i am reminded of the line from Jacob's Ladder sampled in UNKLE's Rabbit In Your Headlights "if you're frightened of dying, and you're holding on, you see devils tearing your life away. But, if you've made your peace, then the devils are really angels, freeing you from the Earth..." this film is an angel, and i let it take me away. i can think of no other terms for it without attempting to produce a work of equal beauty.

i have not seen this movie.
under the paving stones.

bonanzataz

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Re: INLAND EMPIRE
« Reply #110 on: October 09, 2006, 11:45:33 AM »
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i have not seen this movie.

clearly. i don't know what fuckin' movie these guys all saw.
The corpses all hang headless and limp bodies with no surprises and the blood drains down like devil’s rain we’ll bathe tonight I want your skulls I need your skulls I want your skulls I need your skulls Demon I am and face I peel to see your skin turned inside out, ’cause gotta have you on my wall gotta have you on my wall, ’cause I want your skulls I need your skulls I want your skulls I need your skulls collect the heads of little girls and put ’em on my wall hack the heads off little girls and put ’em on my wall I want your skulls I need your skulls I want your skulls I need your skulls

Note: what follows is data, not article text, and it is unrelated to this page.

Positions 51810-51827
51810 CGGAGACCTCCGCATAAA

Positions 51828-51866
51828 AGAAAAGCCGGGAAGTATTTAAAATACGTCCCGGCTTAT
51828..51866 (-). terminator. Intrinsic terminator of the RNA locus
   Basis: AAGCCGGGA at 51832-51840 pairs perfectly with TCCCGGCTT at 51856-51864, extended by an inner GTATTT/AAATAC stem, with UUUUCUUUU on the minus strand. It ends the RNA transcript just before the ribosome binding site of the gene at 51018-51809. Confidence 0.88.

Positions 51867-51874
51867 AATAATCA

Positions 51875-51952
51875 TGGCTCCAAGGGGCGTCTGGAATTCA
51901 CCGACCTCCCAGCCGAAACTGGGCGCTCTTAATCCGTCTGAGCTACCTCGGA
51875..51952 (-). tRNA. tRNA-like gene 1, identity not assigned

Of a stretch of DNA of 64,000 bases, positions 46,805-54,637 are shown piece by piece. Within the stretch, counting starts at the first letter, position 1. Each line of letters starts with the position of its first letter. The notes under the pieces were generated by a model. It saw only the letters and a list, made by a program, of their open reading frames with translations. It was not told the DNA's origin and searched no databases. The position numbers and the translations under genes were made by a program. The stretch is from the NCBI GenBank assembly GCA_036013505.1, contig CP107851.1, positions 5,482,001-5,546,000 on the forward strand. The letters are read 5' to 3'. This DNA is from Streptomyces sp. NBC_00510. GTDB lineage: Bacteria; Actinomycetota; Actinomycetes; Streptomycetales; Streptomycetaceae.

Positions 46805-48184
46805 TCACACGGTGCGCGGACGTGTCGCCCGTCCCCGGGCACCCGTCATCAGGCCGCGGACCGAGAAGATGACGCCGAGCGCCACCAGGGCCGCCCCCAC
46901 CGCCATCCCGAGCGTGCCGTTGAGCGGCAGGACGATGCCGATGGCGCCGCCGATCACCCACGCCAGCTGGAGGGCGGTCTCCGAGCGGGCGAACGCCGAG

GSinNYC

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Re: INLAND EMPIRE
« Reply #111 on: October 09, 2006, 03:25:14 PM »
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Saw it today.  Lynch, Dern and Theroux in attendance...also Isabella Rosellini and Philip Seymour Hoffman in audience.

So much to think about, mull over, digest...but my first thought, before I come down:  Take one copy of Eraserhead, one of Mulholland Dr., throw into a blender and mix.  Pour and drip a la Jackson Pollock all over a blank canvas...and there's INLAND EMPIRE.

modage

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Re: INLAND EMPIRE
« Reply #112 on: October 09, 2006, 03:42:15 PM »
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yeah i saw Noah Baumbach there last night as well.
Christopher Nolan's directive was clear to everyone in the cast and crew: Use CGI only as a last resort.

RegularKarate

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Re: INLAND EMPIRE
« Reply #113 on: October 09, 2006, 03:51:12 PM »
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Take one copy of Eraserhead, one of Mulholland Dr., throw into a blender and mix.  Pour and drip a la Jackson Pollock all over a blank canvas...and there's INLAND EMPIRE.

reminds me of my review of Science of Sleep: